Pi Day: The Ultimate Collection of All Things Pi

Written by Gina Smith

Find our ultimate collection of pi videos, pi infographics and pi stats and trivia right here. It’s Pi Day 2017.

Updated: March 14, 2017

aNewDomain — Happy Pi Day 2017. We’ve been gathering great Pi graphics, videos and statistics for a few years now. In honor of the number we celebrate every March 14 at 1:59 (a.m. and p.m.!) check out our collection, below.

First, the infographic …

visualizing pi the infographic pi day 2012 march 14

Now, a refresher for you:

What is pi?

It is the infinite number you get when you calculate the ratio of a circle’s circumference to its diameter.

You may have heard that the ancient Greek, Archimedes of Syracuse, invented it, but he didn’t.

The Babylonians, Egyptians and even the Bible mention Pi several centuries before the ancient Greek Archimedes of Syracuse began promoting it — as his own number — about or around 260 BC.

Find an in-depth history of pi here.

Now check out these cool pi facts I happen to know or that I’ve gathered up over the years:

  •  Pi didn’t come out of Ancient Greece. Archimedes of Syracuse called the number that we now know as pi by a different name entirely. He renamed it after himself. He called it Archimedes’ Constant.
  • William Jones of Wales (no known relation to Wikipedia founder Jimmy Wales) gave pi its current name in 1706.
  • March 14 — Pi Day  — is also Albert Einstein’s birthday. Cool.
  • Another way to describe pi — it’s the number of times the diameter of a circle will fit around its circumference.
  • No one knows how pi ends. It’s an irrational number that is apparently infinite. It just keeps going and going, with no repeating series of numbers. It’s been calculated to well over a trillion places in recent months.
  • Calculating pi isn’t as cool as memorizing and reciting it. There are actually clubs that train people to do this. I once saw a Japanese student, Kiroyuki Gotu, recite pi from memory during a competition. It took him 112 hours — he recited it accurately to 42,195 places on stage at the NHK Broadcasting center in Tokyo.
  • Pi is useful for another purpose. Use it to figure out your hat size. Measure your head — its circumference — divide the measurement by pi and round it off to an eighth of an inch.
  • If you ever are assigned the task of estimating the height of an elephant, here’s the trick. Measure the diameter of its foot and multiply that number by two. Then multiply the result by pi.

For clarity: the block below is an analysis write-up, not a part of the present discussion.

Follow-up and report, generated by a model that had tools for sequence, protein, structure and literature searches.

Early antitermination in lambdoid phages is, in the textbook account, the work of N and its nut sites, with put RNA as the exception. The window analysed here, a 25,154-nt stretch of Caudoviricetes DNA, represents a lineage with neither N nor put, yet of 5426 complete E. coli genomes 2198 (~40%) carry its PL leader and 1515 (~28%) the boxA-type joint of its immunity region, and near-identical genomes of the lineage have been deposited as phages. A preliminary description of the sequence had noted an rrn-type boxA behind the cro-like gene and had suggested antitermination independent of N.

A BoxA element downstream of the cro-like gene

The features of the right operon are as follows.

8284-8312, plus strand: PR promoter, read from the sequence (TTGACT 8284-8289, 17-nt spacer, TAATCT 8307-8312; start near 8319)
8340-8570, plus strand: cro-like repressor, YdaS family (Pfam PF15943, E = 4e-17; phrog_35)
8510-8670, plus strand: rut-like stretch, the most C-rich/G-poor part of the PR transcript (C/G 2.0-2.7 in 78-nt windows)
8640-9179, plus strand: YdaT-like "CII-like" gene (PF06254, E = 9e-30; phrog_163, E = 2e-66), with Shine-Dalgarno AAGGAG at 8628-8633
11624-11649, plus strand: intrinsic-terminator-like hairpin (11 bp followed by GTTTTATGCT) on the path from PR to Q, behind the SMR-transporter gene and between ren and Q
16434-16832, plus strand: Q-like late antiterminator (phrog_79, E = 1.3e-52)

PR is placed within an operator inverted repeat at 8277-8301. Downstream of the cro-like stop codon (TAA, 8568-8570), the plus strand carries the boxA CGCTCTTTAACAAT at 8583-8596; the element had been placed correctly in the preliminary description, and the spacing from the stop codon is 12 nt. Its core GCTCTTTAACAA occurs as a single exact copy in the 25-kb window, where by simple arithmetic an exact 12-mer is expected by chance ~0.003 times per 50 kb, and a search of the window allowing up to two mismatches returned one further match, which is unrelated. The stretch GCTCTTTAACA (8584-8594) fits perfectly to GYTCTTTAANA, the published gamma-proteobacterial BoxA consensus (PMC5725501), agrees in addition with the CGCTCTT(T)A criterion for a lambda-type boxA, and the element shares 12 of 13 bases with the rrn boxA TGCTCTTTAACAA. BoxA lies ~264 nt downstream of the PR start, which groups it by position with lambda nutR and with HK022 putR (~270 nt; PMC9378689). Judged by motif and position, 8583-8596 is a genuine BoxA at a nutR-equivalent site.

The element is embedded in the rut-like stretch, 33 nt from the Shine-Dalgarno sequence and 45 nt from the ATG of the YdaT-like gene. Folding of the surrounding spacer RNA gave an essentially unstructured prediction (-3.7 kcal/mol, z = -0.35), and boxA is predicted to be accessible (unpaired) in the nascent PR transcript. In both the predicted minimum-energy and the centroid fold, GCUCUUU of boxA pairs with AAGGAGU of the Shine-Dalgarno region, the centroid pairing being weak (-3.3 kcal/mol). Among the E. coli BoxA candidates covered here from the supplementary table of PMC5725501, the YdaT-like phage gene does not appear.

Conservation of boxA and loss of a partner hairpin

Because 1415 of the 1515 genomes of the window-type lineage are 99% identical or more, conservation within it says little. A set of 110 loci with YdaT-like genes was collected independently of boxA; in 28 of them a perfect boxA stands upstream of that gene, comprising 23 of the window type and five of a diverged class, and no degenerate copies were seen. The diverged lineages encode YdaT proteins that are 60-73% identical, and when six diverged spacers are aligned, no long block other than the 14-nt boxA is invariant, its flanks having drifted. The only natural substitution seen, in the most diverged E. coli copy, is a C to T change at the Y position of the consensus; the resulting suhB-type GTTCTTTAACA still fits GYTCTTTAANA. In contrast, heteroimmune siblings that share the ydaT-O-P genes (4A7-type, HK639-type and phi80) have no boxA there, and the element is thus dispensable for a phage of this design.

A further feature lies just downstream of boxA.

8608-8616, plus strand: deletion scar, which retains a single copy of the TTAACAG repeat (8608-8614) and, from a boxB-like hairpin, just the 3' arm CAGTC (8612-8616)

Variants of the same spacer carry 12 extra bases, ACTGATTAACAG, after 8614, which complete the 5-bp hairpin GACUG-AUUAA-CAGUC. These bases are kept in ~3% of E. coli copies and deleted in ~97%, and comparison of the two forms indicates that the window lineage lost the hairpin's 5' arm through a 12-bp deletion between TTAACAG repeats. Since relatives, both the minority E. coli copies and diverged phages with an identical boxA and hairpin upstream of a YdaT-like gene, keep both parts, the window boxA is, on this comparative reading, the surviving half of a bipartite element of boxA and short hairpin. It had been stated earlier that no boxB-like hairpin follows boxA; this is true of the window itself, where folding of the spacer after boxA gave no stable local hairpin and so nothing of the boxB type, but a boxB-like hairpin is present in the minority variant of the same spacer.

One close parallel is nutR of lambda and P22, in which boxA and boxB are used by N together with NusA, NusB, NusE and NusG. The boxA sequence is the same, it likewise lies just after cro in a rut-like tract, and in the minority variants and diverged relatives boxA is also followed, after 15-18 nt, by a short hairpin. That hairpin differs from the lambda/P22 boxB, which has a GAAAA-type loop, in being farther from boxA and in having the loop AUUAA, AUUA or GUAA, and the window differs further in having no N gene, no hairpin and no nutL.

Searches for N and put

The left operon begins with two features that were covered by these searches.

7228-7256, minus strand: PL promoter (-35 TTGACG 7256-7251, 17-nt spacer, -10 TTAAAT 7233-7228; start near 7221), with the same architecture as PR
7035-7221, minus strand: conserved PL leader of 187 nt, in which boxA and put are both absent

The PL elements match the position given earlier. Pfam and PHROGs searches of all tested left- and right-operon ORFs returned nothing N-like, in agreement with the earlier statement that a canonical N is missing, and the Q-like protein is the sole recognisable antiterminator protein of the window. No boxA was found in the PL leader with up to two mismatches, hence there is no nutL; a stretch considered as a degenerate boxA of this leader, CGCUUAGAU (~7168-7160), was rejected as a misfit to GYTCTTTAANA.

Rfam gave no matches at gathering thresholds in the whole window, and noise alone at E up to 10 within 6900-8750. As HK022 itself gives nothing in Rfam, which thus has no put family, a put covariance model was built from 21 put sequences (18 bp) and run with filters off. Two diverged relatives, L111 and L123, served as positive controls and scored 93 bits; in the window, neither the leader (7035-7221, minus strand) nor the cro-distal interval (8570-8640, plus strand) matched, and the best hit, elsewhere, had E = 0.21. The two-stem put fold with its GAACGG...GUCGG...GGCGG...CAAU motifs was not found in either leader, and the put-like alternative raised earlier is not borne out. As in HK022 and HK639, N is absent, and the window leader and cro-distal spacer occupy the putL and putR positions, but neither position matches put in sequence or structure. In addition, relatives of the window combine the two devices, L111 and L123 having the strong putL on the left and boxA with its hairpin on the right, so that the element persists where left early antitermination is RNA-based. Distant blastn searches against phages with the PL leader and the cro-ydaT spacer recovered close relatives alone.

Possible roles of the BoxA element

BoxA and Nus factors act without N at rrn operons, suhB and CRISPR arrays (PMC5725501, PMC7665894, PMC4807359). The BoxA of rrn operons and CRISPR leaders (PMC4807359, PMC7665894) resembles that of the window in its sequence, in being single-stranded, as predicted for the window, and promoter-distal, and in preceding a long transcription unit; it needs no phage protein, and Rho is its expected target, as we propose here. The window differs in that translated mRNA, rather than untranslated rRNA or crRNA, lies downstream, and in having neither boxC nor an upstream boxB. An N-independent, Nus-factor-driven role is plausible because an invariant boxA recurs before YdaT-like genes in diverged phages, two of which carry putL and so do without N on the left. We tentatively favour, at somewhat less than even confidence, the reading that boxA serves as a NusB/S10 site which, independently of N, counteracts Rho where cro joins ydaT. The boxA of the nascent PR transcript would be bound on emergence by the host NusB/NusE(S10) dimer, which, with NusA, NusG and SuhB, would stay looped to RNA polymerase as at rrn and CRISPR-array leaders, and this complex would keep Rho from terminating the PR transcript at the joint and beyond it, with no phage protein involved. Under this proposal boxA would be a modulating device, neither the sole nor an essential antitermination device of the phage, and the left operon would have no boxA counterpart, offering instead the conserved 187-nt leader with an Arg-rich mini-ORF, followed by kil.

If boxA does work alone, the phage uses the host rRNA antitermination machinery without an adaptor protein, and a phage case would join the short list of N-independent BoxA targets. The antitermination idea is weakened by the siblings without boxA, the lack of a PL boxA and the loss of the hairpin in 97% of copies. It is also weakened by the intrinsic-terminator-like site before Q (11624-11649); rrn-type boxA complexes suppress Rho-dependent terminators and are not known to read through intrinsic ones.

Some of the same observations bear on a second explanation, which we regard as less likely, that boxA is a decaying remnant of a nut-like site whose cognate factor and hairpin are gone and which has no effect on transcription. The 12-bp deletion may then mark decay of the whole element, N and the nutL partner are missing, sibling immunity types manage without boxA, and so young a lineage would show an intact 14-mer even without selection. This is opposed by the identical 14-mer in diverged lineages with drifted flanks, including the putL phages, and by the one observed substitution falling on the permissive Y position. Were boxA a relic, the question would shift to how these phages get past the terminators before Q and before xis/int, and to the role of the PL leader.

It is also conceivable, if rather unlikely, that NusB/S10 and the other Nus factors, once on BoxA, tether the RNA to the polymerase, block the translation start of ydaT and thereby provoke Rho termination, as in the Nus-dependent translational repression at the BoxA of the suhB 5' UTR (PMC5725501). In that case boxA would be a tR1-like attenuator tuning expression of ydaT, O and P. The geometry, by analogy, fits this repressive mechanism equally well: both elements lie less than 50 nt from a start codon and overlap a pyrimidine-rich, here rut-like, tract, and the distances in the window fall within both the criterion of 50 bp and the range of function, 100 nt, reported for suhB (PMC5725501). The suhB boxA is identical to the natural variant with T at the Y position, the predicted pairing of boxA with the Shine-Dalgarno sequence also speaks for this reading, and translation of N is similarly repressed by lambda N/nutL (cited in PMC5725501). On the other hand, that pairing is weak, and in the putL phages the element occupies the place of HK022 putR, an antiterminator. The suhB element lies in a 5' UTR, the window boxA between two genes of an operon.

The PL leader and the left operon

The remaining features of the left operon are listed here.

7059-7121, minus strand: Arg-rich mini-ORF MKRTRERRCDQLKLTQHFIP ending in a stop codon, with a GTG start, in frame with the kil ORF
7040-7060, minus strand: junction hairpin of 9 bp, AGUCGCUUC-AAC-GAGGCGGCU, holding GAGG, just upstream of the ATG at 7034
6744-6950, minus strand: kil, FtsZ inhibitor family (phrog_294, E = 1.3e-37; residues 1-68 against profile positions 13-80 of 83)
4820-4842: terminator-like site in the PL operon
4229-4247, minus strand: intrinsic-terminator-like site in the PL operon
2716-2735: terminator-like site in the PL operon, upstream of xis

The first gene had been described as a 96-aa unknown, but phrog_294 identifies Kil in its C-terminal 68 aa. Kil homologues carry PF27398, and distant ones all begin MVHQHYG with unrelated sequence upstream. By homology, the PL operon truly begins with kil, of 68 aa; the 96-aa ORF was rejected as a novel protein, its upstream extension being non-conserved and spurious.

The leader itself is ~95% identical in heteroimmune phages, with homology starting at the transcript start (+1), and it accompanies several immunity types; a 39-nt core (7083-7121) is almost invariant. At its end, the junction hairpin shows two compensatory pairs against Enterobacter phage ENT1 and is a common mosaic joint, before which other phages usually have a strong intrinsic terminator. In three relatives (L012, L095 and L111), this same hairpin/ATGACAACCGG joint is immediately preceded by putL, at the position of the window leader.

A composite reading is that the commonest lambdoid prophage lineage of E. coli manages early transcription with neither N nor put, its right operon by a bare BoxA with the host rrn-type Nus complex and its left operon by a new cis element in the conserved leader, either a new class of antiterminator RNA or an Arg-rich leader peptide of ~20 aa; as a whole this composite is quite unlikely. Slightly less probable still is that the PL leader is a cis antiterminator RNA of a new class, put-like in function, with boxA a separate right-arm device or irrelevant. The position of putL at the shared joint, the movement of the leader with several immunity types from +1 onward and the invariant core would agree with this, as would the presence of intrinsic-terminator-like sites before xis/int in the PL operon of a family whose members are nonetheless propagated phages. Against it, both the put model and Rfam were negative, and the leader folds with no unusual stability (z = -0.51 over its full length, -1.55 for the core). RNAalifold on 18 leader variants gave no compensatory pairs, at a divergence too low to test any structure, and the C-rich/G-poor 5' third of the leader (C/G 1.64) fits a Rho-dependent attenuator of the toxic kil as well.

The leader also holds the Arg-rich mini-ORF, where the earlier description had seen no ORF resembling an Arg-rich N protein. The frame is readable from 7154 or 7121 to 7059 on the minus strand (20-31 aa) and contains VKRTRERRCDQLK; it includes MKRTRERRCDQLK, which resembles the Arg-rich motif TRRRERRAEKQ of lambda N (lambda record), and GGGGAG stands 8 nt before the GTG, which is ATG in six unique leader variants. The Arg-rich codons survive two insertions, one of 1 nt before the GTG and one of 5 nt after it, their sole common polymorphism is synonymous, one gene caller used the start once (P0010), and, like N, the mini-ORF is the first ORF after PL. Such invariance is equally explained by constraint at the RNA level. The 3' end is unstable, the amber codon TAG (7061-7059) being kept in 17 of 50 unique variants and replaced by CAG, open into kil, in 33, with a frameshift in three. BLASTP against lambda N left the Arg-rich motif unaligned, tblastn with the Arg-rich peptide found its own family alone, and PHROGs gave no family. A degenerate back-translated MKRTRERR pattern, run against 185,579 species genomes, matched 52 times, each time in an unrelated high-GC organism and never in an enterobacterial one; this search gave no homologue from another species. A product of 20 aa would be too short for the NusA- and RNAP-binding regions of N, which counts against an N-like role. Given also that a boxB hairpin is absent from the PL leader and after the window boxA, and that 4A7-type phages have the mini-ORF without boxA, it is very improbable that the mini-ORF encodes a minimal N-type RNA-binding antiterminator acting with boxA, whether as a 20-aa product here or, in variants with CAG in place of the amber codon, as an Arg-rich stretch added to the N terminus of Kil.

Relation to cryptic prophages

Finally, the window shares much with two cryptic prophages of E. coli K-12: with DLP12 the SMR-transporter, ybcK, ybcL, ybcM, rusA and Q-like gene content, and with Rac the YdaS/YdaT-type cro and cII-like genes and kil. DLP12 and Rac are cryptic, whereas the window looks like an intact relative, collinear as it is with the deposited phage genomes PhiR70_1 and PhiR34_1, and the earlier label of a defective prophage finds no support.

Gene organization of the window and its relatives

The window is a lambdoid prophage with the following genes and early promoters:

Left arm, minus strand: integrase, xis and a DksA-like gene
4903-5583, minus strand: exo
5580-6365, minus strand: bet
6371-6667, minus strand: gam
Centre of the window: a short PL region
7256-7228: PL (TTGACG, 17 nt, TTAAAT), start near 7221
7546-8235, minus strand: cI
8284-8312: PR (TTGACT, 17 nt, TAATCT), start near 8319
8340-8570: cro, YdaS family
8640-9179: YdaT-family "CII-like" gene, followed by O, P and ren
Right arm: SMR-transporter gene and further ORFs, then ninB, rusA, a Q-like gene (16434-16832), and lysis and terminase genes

• A number that goes on as long and apparently as randomly as pi is ripe for all kinds of weird conspiracy theories. There are entire sites dedicated to helping you find your birthday and other meaningful dates in pi. Convert pi into images, audio files and, even alphabetic sequences where you can seek out personal messages. Too funny. The Satanical signature 666 doesn’t make an appearance until position 2240. Worth noting.
  • Try singing the line “Pi, pi, 3.1415” to the tune of Don McLean’s “American Pie.” Some kids in CA came up with this years ago — right before the Exploratium kicked off a Pi Day in the spring of 1999. The kids wrote an entire song to the tune, and they dedicated it to the day their “math team tied” as opposed to “the day the music died.”
  • The true beauty of pi lies in its flexibility. Find it in harmonic motion theory, superstring calculations, Einstein’s gravitational field equation and more.
  • Would you believe you can calculate a circle the size of the entire universe (down to a proton) using pi to just 39 places? It’s true.

And here’s to “Pi, Pi Mathematical Pi.” It’s sung to the tune of  Don McLean’s “American Pie” with rhyming lyrics to help you remember the pi digits — i.e., instead of “Bye, bye Miss American Pie” the artist sings “Three, point, one, four, one, five.” Funny.

Find the real lyrics here. Video of the pi version below.


Here’s a pi song — composed by matching the numbers in the pi string to notes. It’s the sound of pi! Awesome.

And I love this. Created just for Pi Day, it’s the Pi Domino Spiral. See if you are able to solve its many hidden references.

Once again, happy Pi Day 2016! For aNewDomain, I’m Gina Smith.